- crushing by the counter weight
- outrigger use
- rigging failures
How many of those crane-specific factors do you think are covered by basic bare rental agreements?
At CoVerica, we specialize in crane insurance, and we’ve seen too many bare rental agreements that leave our clients uncovered. In fact, the issue is big enough that it prompted one of our specialists to put together a checklist for our clients. The Amanda Roberson Checklist, as we like to call it, tells clients what to look for before signing a bare rental agreement. It’s based on best practices, previous claims, and Amanda’s 21 years in the industry—and it protects crane owners by affording them a high-level view of their bare rental insurance needs.
Though the Amanda Roberson Checklist covers a multitude of bare rental agreement sins, three problem areas stand out:
What’s a crane without a boom? Yet many bare rental agreements skip any mention of coverage for boom damage. Boom accidents can cost hundreds of thousands of dollars and are caused by a myriad of factors, such as:
- Bad weather. Strong winds and heavy rainfall have been blamed for several crane accidents, including the deadly 2015 accident in Mecca, Saudi Arabia.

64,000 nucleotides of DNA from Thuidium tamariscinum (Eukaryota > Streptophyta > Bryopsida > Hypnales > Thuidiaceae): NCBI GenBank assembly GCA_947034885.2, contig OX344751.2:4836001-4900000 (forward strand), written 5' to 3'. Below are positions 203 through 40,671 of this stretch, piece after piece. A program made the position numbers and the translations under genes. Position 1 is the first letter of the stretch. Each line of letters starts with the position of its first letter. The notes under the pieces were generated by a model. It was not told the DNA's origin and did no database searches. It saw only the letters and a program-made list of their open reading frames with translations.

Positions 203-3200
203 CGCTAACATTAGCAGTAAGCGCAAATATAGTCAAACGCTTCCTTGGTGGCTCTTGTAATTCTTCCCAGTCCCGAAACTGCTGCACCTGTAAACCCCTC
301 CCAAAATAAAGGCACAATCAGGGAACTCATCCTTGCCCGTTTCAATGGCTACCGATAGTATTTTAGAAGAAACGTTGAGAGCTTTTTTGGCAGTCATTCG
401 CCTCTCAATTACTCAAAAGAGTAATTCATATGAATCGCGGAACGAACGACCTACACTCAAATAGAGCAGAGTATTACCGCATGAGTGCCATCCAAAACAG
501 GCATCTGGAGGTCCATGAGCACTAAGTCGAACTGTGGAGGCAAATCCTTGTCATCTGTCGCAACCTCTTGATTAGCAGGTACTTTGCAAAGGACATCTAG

- Equipment failure. A new 5500-ton Liebherr crane collapsed this past May when a crane hook broke, flipping the booms backward. Liebherr said that the hook was purchase from an external supplier and it was unclear why it did not withstand the load.
- Human error. Overloading and improper loading probably cause the most accidents, but operators can make other mistakes, as when the lattice boom of a truck crane ran into a stationary crawler crane boom on the site of LA’s new SoFi Stadium this past February, causing the crawler’s boom to crash to the ground.